France

hitchhiking in Narbonne

It’s been a very unproductive evening and I’m rewatching Ratatouille – not all of it, only the part towards the end where Ego tastes the ratatouille and flashes back to his childhood, a scene I always tear up at.

Having done 90 minutes of French, an hour of math, 90 minutes of political theory and half-hearted attempts at scouring the internet part-time work, in addition to going for a short run with the dog, emptying the cat’s litter tray, clearing what must be close to a week’s worth of trash and compost, playing catch with the dog and teaching him how to shake hands, and making dinner, I struggled briefly with myself about heading to the supermarket (a very lengthy 400m down the road, I’ll have you know) and then promptly crashed on the couch to watch a variety of TV programming.

In my defense, two of those shows was French TV. Or English shows dubbed in French, at least. Chad Michael Murray and Adam Sandler were in them, respectively.

Anyway, my last week of 2012 has been mildly exciting, I suppose. I spent my Christmas in a neighbouring village with a fellow housesitter I had never met before (or … a stranger) but that’s for another post. These are photos of Narbonne, the closest town to me. It’s the first time I’ve actually walked through it properly – it’s pretty and very old and quiet on the morning of Boxing Day.

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It was also a lovely day, which was a relief partly because we had two days of gloom and dreariness where the sky was this oppressive flatness of grey, and partly because I had a Grand Plan to walk the 14 km back to my house from Narbonne. It was very well-thought out. I had caught a bus from Ginestas (the village I was in) to Narbonne, but my connecting bus was three hours later (it’s ridiculous, rural French bus systems – which also don’t run on Sundays), so I figured I might as well walk back since it would have taken a shorter time (probably).

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Anyway, I started walking along the main road that led to the motorway and soon found out that the road shoulder was very narrow. Monty also really wanted to walk into the cars whizzing by, for some reason. Also, I was kind of tired. And I felt like a bit of a tool.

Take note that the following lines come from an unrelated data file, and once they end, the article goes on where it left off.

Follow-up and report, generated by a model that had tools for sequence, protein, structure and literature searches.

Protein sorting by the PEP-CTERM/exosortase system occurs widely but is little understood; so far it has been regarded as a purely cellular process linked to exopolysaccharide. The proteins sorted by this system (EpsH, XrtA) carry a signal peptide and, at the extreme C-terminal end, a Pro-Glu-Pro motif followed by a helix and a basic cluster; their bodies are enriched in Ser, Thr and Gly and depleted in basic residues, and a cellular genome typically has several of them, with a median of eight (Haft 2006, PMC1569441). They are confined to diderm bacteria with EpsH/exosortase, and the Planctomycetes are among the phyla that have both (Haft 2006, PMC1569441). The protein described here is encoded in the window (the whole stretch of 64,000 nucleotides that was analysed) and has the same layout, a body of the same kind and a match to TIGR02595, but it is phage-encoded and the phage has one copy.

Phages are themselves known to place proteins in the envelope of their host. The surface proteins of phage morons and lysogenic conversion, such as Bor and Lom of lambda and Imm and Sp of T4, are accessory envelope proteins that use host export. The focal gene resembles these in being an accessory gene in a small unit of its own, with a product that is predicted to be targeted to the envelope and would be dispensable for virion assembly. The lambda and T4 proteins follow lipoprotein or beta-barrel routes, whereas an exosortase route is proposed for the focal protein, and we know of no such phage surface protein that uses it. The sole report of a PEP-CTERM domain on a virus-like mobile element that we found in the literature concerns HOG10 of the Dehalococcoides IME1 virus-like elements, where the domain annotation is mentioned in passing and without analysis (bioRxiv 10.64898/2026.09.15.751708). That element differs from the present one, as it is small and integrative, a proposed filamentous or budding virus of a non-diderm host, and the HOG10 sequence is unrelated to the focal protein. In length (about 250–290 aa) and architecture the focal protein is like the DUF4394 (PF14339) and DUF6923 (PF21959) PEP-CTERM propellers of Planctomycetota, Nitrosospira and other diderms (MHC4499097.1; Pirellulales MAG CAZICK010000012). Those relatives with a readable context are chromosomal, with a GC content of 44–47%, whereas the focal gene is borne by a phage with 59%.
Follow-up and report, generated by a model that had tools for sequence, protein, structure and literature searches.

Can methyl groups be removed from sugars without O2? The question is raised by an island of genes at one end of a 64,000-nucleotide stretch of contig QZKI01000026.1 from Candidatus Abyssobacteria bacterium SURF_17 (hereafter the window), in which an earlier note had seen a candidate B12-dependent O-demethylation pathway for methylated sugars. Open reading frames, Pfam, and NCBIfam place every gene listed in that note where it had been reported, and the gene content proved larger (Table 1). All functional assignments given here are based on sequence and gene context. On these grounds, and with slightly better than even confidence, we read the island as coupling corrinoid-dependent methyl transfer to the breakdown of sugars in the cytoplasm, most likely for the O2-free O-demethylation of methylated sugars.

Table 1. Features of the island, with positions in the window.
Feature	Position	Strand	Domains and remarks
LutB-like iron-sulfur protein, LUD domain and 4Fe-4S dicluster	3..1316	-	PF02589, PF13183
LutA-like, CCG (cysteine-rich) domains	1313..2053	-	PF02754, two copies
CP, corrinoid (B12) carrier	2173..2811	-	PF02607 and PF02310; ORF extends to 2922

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I probably also cut a pretty pathetic figure, a foreign girl with a dog and a backpack trudging by a motorway. Anyway, I had walked maybe 500m past the roundabout that led onto the motorway before a car pulled up along me and asked if I was okay. It was a woman driver and she seemed genuinely concerned; she asked where I was heading and I said Coursan, the village nearest me, and she was heading there too (which makes sense, because it’s the next village on the road) so I hitched a ride!

We made very stilted conversation on the short drive. She told me she was moving from Coursan to Narbonne that day, and we chatted a little about where I was going after this, and we probably only understood around 75% of each other’s French. But it was a little thrilling.

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I then made my way through Coursan, which was pretty as well, if a lot rundown. The road out of Coursan towards Salles d’Aude, which is where the house is, was even worse than that out of Narbonne, because the road shoulder was basically non-existent. I ended up carrying Monty for a little stretch and trying to balance on the grassy slope (which led to the ditch, of course). It must have been only 5 km to Salles d’Aude but in retrospect, it wouldn’t have been safe, exactly. 

So it was great when I approached a giant truck and the driver, who was doing some sort of maintenance work, offered me a lift. I got to ride in a monster truck! Again, French communication was not 100% successful, but I derive faint consolation from the fact that when he tried to switch over to English, he managed around five broken words, so … nothing, really, it’s still pathetic that I cannot speak French fluently after six years of study.

In any case, it was an invigorating experience. Really whetted my appetite to do it again, and more seriously the next time. I’ve also resolved to pick up hitchhikers whenever I see them and feel able (mostly physically secure, I suppose) to do so. it’s a camaraderie of sorts? In any case, the point is irrelevant at the moment considering my lack of driving ability.

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